Calcined: A clay that has been fired to drive off combined water resulting in reduced shrinkage. Sometimes used in a glaze to assist adhesion before firing and fit after firing.

EPK: Edgar Plastic Kaolin from Edgar Florida. The most commonly used kaolin due to its availability. Can usually be used in a glaze in place of any specific or non-specific kaolin. Technically not particularly plastic in spite of its name. Fires cream white.

Georgia China Clay: A clay from Georgia

Grolleg: A very plastic and white primary clay from England. Used in premium translucent porcelains.

Ione: A California kaolin, not particularly plastic. Fires a grey-white, it is used mainly as an inexpensive substitute for the kaolins in non-porcelain clay bodies.

Kyanite: Loosely included here as a kaolin, kyanite is used in clay bodies to reduce shrinkage as it expands as it breaks down into mullite and silica (cristobalite)

Mullite: Loosely include here as a kaolin, it is a needle-like crystal which lends strength and thermal shock resistance to clay bodies, especially in crucibles, kiln furniture, and industrial refactories. See Kyanite.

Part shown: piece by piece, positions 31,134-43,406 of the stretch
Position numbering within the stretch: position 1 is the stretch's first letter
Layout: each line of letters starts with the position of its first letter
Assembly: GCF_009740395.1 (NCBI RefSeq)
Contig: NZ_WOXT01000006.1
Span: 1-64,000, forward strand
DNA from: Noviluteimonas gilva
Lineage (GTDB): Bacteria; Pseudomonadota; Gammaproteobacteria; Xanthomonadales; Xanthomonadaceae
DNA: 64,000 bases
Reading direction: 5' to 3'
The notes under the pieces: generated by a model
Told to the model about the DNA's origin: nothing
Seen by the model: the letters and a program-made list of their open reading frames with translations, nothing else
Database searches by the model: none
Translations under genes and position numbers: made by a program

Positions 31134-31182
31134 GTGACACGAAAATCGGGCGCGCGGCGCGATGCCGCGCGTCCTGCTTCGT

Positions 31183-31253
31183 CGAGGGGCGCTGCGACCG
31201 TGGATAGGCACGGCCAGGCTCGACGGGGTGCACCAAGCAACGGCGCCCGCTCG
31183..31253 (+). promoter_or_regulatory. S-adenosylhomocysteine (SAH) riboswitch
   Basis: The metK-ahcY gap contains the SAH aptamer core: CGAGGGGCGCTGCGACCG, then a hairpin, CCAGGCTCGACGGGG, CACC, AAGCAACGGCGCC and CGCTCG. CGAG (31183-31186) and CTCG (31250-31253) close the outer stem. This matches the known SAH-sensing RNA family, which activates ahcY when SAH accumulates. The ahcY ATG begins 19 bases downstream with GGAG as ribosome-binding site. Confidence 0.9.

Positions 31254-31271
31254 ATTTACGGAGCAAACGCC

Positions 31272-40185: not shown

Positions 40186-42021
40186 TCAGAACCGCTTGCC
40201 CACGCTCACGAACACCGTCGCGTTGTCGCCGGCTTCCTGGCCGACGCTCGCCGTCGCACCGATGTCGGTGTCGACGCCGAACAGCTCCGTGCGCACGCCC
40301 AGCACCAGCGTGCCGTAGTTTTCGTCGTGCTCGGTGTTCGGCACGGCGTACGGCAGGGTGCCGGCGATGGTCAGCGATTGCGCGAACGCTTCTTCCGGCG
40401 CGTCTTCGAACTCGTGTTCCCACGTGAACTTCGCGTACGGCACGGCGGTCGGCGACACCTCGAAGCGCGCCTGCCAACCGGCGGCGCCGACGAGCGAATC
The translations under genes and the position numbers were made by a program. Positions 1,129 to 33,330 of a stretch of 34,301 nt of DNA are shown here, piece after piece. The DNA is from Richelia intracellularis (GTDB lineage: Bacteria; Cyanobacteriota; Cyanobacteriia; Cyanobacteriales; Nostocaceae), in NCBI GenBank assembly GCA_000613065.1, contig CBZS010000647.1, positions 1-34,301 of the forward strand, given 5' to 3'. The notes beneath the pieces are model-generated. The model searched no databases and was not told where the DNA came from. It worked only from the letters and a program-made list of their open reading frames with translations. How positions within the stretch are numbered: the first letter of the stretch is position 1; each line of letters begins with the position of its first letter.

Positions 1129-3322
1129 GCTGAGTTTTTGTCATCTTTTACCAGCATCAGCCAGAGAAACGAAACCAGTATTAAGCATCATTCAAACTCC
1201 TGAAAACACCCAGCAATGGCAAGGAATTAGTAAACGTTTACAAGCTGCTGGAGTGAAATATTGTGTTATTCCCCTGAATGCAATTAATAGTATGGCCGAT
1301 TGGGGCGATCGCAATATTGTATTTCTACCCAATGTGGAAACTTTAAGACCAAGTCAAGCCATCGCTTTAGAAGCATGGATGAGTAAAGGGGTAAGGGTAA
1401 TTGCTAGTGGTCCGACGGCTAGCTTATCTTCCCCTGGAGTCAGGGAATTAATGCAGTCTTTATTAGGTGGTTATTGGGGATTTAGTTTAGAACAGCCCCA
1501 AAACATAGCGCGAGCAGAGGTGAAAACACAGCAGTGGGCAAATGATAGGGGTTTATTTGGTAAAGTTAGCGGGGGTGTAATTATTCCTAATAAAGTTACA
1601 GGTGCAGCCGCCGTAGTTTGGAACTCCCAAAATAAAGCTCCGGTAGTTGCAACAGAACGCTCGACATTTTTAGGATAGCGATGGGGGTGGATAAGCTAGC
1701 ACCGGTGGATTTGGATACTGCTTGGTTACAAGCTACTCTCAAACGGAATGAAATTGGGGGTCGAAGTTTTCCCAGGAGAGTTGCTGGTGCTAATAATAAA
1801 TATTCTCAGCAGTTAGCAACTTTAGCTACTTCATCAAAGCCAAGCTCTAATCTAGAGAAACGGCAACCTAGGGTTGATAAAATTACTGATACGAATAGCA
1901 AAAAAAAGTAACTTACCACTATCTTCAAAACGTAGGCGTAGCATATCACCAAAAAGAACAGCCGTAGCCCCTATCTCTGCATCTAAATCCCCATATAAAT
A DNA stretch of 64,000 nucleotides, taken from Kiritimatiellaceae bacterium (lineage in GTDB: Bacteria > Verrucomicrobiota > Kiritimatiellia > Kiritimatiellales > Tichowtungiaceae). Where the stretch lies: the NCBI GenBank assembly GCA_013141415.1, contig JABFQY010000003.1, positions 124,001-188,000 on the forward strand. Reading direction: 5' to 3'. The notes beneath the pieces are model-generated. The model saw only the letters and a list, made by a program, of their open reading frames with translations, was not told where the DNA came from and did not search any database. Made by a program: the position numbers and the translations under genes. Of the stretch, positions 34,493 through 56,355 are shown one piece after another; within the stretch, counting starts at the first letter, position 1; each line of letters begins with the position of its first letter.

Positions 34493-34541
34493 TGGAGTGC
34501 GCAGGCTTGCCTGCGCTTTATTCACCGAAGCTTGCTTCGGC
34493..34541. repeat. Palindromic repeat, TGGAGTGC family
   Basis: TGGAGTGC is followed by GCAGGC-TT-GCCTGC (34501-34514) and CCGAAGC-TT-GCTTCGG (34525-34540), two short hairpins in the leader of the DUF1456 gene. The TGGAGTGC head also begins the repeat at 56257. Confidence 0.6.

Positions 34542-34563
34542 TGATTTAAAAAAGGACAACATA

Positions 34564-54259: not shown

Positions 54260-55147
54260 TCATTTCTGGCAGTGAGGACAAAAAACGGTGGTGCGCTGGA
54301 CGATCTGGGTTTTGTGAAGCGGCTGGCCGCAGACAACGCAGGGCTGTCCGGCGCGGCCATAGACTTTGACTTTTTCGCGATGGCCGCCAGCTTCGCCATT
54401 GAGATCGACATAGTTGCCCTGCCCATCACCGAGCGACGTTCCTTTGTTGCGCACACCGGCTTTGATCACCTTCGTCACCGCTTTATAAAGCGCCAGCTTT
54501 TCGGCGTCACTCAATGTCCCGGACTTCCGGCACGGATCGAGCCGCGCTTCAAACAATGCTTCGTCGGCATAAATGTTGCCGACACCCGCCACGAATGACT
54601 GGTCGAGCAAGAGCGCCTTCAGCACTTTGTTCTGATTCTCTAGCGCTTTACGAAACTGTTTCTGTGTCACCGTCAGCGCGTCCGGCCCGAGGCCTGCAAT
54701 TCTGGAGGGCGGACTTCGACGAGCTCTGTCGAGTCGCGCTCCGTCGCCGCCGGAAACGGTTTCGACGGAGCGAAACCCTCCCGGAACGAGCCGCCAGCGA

Velvacast: A non-plastic delaminated very white clay used to add green strength.


Amador:A plastic, light buff California clay.

Barnard Blackbird: A high-iron and manganese content self-glazing slip clay vitrifying at cone 4 to 10. Fires to a brown-black color, darker at high temperatures.

Greenstripe: A plastic, somewhat sticky light-buff California clay.

Imco 400 or 800: Airfloated finer grind of Lincoln 60 (number 400) or Lincoln 8 (number 800)

Laterite: A high iron red firing plastic clay

Lincoln 60 or 8: Plastic California clays. 60 is light buff and 8 contains more iron

Missouri: A light buff firing clay from Missouri with somewhat larger particle size providing great strength and ‘tooth." Usually used in a coarser grind in sculptural bodies.

Newman: Another red California clay somewhat more orange than Laterite

Red Art: A dark red clay from Ohio with a lower melting temperature.

Ball Clays

Kentucky OM-4:The most widely used ball clay in clays and glazes. Old Mine Number 4 has been depleted and the clay is now a calculated blend of several ball clays. Contains more organic material than some other ball clays.

Old Hickory M-23: Similar to a blend of OM-4 and Tennessee.Whiter than OM-4

Tennessee #1: Lighter than OM-4 and smaller particle size.